Flash Physics: Cosmic-ray balloon, Tokamak Energy plasma, ripples in cosmic web, APS in open access scheme

physicsworld.com | 4/28/2017 | Staff
A 532,000 m3 super-pressure balloon to study ultra-high cosmic rays has been launched in New Zealand by NASA. The balloon's international Extreme Universe Space Observatory (EUSO) instrument will observe a broad swathe of the Earth's atmosphere to detect the ultraviolet fluorescence as cosmic rays hit the Earth's atmosphere. The instrument will aim to detect cosmic rays that have an energy greater than 1018 eV. The balloon will operate for around 100 days and is expected to circle the planet two or three times. If the mission is a success then it could pave the way for a EUSO instrument to be installed on the International Space Station that could then observe a greater area of the Earth's atmosphere.

The UK-based company Tokamak Energy has created the first plasma in its ST40 tokamak reactor. The firm will now complete the commissioning and installation of a full set of magnetic coils for the device, which will provide greater control over the plasma. The company plans to achieve a plasma temperature of 15 million degrees by autumn 2017 and have the plasma at 100 million degrees in 2018. At this temperature it should be possible for hydrogen nuclei in the plasma to fuse together, releasing large amounts of energy. Tokamak Energy has ambitious plans to create a fusion reactor capable of generating electricity by 2025 and have a commercially viable source of fusion power by 2030. Unlike the much larger ITER tokamak fusion reactor that is being built in France, the ST40 is a compact device that can run at a much higher plasma pressure. This, according to Tokamak Energy, should make more efficient at achieving fusion. Creating a dense plasma will require very strong magnetic fields, which the firm plans to generate using superconducting magnets. Some critics, however, are sceptical that such magnetic...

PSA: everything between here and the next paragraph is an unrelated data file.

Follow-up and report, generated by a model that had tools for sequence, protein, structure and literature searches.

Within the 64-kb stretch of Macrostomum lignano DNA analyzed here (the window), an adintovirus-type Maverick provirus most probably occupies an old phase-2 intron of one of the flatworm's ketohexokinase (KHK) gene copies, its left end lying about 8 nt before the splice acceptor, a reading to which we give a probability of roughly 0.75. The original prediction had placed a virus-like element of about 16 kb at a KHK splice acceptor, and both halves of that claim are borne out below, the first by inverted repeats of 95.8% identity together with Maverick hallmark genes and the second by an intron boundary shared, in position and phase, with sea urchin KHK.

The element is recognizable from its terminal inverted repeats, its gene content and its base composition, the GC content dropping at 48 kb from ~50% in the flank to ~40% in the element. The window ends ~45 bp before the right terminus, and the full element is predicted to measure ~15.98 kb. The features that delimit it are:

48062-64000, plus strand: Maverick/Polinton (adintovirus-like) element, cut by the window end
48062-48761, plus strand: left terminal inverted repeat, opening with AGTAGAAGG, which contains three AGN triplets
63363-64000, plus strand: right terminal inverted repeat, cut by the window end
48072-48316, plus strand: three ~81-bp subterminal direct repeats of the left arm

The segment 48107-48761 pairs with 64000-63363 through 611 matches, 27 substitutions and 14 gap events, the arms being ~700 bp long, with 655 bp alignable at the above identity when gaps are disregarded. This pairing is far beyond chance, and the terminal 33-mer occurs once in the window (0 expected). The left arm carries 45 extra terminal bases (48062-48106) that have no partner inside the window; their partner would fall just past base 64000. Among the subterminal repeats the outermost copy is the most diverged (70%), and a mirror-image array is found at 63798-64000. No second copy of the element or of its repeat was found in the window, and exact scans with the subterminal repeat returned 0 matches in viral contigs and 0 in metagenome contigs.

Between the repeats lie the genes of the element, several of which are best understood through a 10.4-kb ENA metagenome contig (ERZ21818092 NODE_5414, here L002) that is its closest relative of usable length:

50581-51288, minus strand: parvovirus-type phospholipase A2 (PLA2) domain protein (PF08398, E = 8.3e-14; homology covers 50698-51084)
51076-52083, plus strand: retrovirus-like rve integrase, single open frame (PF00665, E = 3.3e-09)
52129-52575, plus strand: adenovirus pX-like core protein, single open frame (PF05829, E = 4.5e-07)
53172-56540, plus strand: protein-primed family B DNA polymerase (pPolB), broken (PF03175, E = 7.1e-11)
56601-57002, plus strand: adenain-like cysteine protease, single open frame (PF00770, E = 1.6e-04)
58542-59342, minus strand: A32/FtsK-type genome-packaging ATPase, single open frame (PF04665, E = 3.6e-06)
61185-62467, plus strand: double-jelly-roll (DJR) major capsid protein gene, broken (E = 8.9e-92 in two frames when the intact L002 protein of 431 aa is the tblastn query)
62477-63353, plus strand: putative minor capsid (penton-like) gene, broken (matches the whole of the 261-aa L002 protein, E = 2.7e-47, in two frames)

(Excerpt) Read more at: physicsworld.com
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